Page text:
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A spotlight on Philip Rivers’ career

A look at how Rivers rates among his peers, and among all-time QBs.

Rivers' "guts" & "heart" are among the best, but where do the tangible traits rank?
Rivers' "guts" & "heart" are among the best, but where do the tangible traits rank?
Orlando Ramirez-USA TODAY Sports

With all of the recent discussion of Rivers' place among the history of NFL passers recently, I decided to gather up various measures of performance, to put a spotlight on how good he has been at times.

This is not a direct argument for something like Hall of Fame induction -€” that involves too many subjective variables (most of all, the individual though processes of the voters, which may have nothing to do with evidence). Especially in an era where teams are able to find very talented players in every nook & cranny (& the Hall is not adjusting its induction rules), it's become harder to predict who stands a good chance of being a hall of famer.

(Note: various terms will be explained in a glossary after the presentation)

One argument or notion you see mentioned a lot when it comes to a player's "worthiness" of being inducted into the Hall of Fame, is that they had to have been the best at their position at some time. Personally, I believe this specific (strict) requirement is a little obtuse. In general, I don't believe it is fair to punish players who play in talent-rich eras -€” I think it could be argued that Peyton Manning & Tom Brady have been the best QBs (regardless of their statistical rankings each year) of the past 10 years, ie: sorry everyone else. You can give up your HoF hopes now. More specifically (in a statistical sense), what if one player's best season of a very good career (but one where they were never flat-out the best in any other year) was to occur in the same year as when some obscure player (who sees no future success) has an AMAZING season? Does it make sense to punish the former due to what is essentially bad luck? I don't believe so.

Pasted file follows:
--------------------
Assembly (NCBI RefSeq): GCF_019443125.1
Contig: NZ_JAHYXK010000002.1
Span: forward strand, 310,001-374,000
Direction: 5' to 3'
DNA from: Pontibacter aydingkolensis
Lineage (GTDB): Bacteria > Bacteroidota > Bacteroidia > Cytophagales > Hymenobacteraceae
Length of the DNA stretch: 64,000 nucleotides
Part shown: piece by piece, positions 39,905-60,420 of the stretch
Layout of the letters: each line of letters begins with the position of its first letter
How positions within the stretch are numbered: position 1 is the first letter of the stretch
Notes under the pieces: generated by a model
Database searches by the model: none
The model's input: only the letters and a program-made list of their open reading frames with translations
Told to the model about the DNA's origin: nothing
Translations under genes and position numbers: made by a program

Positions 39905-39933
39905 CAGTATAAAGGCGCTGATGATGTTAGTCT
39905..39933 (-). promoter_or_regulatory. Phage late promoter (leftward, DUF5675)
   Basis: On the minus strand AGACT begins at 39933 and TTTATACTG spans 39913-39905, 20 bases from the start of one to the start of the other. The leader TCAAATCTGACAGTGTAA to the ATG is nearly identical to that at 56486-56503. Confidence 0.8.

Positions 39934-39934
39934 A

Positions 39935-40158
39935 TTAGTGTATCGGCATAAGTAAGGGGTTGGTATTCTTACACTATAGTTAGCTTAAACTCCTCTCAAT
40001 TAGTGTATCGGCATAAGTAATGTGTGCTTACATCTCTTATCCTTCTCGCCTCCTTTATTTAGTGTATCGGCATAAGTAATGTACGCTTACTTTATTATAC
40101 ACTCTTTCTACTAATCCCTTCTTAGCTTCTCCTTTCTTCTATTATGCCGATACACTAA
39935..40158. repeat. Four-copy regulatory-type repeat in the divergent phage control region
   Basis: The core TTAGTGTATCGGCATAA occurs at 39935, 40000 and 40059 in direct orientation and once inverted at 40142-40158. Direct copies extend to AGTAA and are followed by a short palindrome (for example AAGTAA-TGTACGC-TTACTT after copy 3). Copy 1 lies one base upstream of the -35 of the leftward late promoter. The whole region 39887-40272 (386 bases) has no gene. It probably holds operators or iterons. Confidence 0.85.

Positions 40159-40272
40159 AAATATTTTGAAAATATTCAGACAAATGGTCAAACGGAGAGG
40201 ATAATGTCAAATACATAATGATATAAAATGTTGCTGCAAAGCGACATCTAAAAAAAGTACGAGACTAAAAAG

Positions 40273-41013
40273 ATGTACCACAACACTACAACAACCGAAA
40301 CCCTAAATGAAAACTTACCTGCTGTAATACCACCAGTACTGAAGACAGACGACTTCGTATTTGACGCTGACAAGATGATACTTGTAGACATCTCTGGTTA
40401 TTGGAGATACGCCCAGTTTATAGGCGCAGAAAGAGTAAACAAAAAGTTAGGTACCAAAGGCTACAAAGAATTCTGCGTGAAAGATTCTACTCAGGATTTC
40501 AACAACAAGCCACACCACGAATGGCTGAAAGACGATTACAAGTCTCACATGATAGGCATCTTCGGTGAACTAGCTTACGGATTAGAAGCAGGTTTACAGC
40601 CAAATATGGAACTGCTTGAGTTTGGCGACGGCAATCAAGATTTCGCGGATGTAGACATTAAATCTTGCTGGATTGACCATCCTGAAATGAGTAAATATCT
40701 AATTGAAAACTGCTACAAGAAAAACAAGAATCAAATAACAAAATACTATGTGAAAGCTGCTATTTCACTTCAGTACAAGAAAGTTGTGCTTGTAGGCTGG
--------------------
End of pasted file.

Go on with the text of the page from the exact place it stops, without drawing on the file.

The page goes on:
If we are to loosen this "requirement" and say that a player must among the best players at their position -€” "in the race" if you will, at some time in their career, I believe Rivers meets this requirement. Here is a sample of his high rankings in various passing metrics:

  • 2008: 1st in DVOA (3rd in DYAR), 1st in ANY/A (min 300 att), half yard (/att) above 2nd place
  • 2009: 1st in DVOA (2nd in DYAR), 2nd in ANY/A, but only by 0.01 to Brees (Arguably deserved the MVP this year, or 2008...if only the team had more national coverage)
  • 2010: 3rd in DVOA (2nd in DYAR), 2nd in ANY/A

He ranked ahead of Peyton Manning in both categories in 09 & 10, & DVOA in 08.

Rivers was 1st in ANY/A from 2008-2010 (min 1000 att) with 8.02 ( Brady at 2nd w/7.78, then Brees further back in 3rd 7.20. Manning (who had 2 MVPs in that span) was 7th with 6.93). Of the top 5 singles seasons (by ANY/A, min 300att) in that span, 3 belong to Rivers (with 2009 Brees, & 2010 Brady).

In 2013 (after "The Fall of Norv") Rivers was 2nd in DYAR and 3rd in DVOA

First in both metrics was Peyton Manning (in a "historic" season), and 2nd in DVOA was Nick Foles on only 60% of the passing attempts Rivers had (347 to 575), and the DVOA was only 35.6% to Rivers' 34.8%. He was also 3rd in ANY/A (behind the same 2 players, albeit in reverse order).

Note, in regards to Foles -€” PHI's rushing DVOA that year was 1st, 23.6%. 2nd (KC) was "only" 11.1%. From 1989-2015, of the 829 team-seasons, this was the 22nd best rushing performance, (top 3%). Based on the context & the rest of Foles' career, I think we can safely make the judgment that Rivers was 2nd only to Manning in 2013.

There was definitely a time when Rivers was at minimum the 2nd best-performing QB in the league. When he has (arguably) "legitimate" help around him, he's torn it up. Speaking of which, I think you would have a good case if you argued that Rivers has had the worst supporting casts of all the QBs that make up the top tier. (As well as the worst overall teams (D+ST) if we were to measure QBs by team success...but I personally wouldn't). Over the course of these discussions (in the comments of various articles) I  dug up an old spreadsheet I had with data from Pro Football Focus (back when they didn't hide their data) & Football Outsiders, which I think highlights how poor Rivers' supporting players have been, relative to his peers. The following are tables highlighting each QB's passing performance, OL pass protection, and team run-efficiency from 2008-2012, and then just 2008-2010 (both tables sorted by QB passing grade rank. NOTE: I do believe at the time there was some counting-aspect to these grades, so Rivers throwing fewer passes in Norv's offense could have an effect on his total.